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Legion finds USS Maine plaque, historic documents

By Susan Mustapich | Sep 17, 2020
Photo by: Susan Mustapich An authentic plaque made from metal recovered from the USS Maine was found several months ago in a basement storage area at the American Legion War Memorial Post 30 on Pearl Street in Camden.

CAMDEN — A USS Maine plaque forged in 1913 was discovered in June by members of War Memorial Post 30 American Legion, while deep cleaning a storage area in the basement of their Pearl Street building.

No meetings were being held at the Post at that time, so members decided to do some cleaning of a storage area, according to Jeff Sukeforth who serves as the Post Adjutant.

The plaque was found along with framed documents of the Post's original charter, a Spanish-American War document and a photograph of Camden's original Honor Roll.

Since that time, the plaque has been appraised and deemed authentic by Thomaston Auction Place.

The plaque is made from the hull of the USS Maine, a U.S. Navy ship sunk in Havana Harbor in February 1898. Memorial plaques, commissioned by the Bureau of Engraving, were made from the ship's metal. Each plaque is numbered and stamped on the back.

Post 30 American Legion's plaque is numbered 1311 and is once again hung on the memorial wall inside the building.

"Obviously it was hanging up here at one time," Sukeforth said. "Talking with members at the meeting, no one knew when, where, how it got here. We said, well, we’re going to put it back up for sure."

Sukeforth said the members of Post 30 would like to hear from anyone who has more information about the plaque. Many of these plaques can still be seen across the United States in Veterans Parks and on memorials, according to his research.

On the right side of the plaque is a robed female wearing a helmet and carrying a circular shield. The center of the shield is decorated with an eagle clutching arrows in its talons atop the seal of the United States. Beneath the seal is a laurel branch and an oak leaf branch. A circle of stars containing the words patriotism and devotion surrounds the eagle and seal. The female's right arm is outstretched towards a palm branch. In the background is seen a mast and last remnant of the hull of the USS Maine sinking into the sea.

The USS Maine was commissioned in 1895 and was the first U.S. Navy battle ship to be named after the state of Maine. The ship was sent to Havana Harbor during the Cuban War of Independence. She blew up and sank Feb. 15, 1989, taking with her three-quarters of her crew. The sinking contributed to the outbreak of the Spanish American War.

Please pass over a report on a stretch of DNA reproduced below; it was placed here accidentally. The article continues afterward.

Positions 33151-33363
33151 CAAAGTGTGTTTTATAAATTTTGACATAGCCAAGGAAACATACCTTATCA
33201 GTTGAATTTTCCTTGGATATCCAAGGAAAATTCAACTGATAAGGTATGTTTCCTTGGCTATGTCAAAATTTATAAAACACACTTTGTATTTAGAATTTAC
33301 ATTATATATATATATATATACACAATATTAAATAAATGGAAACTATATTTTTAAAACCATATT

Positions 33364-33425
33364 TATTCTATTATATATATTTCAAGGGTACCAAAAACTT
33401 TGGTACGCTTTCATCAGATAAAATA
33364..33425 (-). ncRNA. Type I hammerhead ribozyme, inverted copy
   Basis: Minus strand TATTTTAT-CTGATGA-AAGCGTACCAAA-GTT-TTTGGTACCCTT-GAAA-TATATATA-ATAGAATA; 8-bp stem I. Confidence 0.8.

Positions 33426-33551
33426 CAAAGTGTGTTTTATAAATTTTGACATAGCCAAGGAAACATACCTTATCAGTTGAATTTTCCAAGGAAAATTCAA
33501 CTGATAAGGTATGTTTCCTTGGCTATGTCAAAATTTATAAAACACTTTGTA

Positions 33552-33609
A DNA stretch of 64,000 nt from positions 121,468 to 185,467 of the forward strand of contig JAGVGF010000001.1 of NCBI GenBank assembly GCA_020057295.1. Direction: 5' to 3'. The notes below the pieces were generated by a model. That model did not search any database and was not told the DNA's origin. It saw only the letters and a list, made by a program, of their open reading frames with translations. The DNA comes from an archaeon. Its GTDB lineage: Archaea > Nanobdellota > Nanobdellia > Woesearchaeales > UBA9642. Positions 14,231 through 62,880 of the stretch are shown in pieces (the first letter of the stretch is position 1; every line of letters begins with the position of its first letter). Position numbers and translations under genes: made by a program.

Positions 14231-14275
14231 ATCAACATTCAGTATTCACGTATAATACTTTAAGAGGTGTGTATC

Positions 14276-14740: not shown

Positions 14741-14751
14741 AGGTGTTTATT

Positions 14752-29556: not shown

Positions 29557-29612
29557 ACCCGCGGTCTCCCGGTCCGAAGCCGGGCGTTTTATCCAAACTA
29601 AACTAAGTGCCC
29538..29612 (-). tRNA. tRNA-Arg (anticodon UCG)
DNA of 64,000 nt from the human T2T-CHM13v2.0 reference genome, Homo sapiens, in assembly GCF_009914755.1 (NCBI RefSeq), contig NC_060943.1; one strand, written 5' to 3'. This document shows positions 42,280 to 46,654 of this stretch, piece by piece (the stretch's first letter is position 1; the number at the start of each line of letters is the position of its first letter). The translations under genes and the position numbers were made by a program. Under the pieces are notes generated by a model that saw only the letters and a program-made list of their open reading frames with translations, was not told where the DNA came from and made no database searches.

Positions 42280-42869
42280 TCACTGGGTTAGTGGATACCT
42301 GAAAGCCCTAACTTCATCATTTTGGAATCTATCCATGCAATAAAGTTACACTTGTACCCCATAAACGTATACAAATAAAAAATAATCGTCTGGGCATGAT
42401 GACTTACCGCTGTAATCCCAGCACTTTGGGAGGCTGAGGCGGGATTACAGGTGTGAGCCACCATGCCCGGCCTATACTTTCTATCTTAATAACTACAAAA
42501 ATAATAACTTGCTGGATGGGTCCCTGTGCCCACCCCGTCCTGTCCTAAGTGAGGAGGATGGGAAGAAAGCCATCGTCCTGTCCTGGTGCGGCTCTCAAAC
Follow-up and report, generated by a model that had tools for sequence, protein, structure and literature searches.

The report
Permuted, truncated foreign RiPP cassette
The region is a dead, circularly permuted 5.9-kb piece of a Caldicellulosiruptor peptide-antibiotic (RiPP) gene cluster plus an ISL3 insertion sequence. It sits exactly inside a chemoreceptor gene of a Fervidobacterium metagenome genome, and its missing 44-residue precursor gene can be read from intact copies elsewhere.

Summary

The cause of the sinking was determined to be a mine explosion by a Navy board of inquiry. Some Navy officers disagreed with the inquiry ruling and suggested that the ship's magazines were ignited by a spontaneous fire in a coal bunker.

The salvage of the USS Maine in 1911 and 1912 was a complex engineering effort. Most importantly, it made possible the recovery of the remaining bodies of the crew. Altogether, 229 members of the crew of the ship are buried in Arlington Cemetery. The salvage effort found that the front section of the ship was entirely destroyed. In 1912, it was raised and towed four miles off the Cuban coast, and sunk in 600 fathoms of water.

As Adjutant, Sukeforth's duties include publishing announcements and stories. He also tirelessly recruits new members and promotes Legion Post 30 as a place for veterans to meet and get to know one another.

For more information about War Memorial Post 30 events or membership, or to share any information about the USS Maine plaque, call Sukeforth at 236-3310.

This Soldier's Memorial of Tilson's Light Infantry Company "H" 1st Maine, Spanish-American War 1898, was also found during deep cleaning of a basement storage area at War Memorial Post 30 in Camden this spring. (Photo by: Susan Mustapich)
The Charter Membership Roll of American Legion War Memorial Post 30 was another find from cleaning out a storage area in the Post's building. (Photo by: Susan Mustapich)
The USS Maine plaque, cast from metal recovered from the Navy battleship sunk in Havana Harbor in 1898, once again hangs on the memorial wall at Post 30 American Legion in Camden. (Photo by: Susan Mustapich)
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Comments (2)
Posted by: Knight Marine Service | Sep 17, 2020 08:55

That is absolutely incredible!!  Celia Knight

Posted by: Michael Mullins | Sep 17, 2020 08:25

Remember the Maine!  Terrific news, I didn’t know this plaque existed.  Post to come on this.

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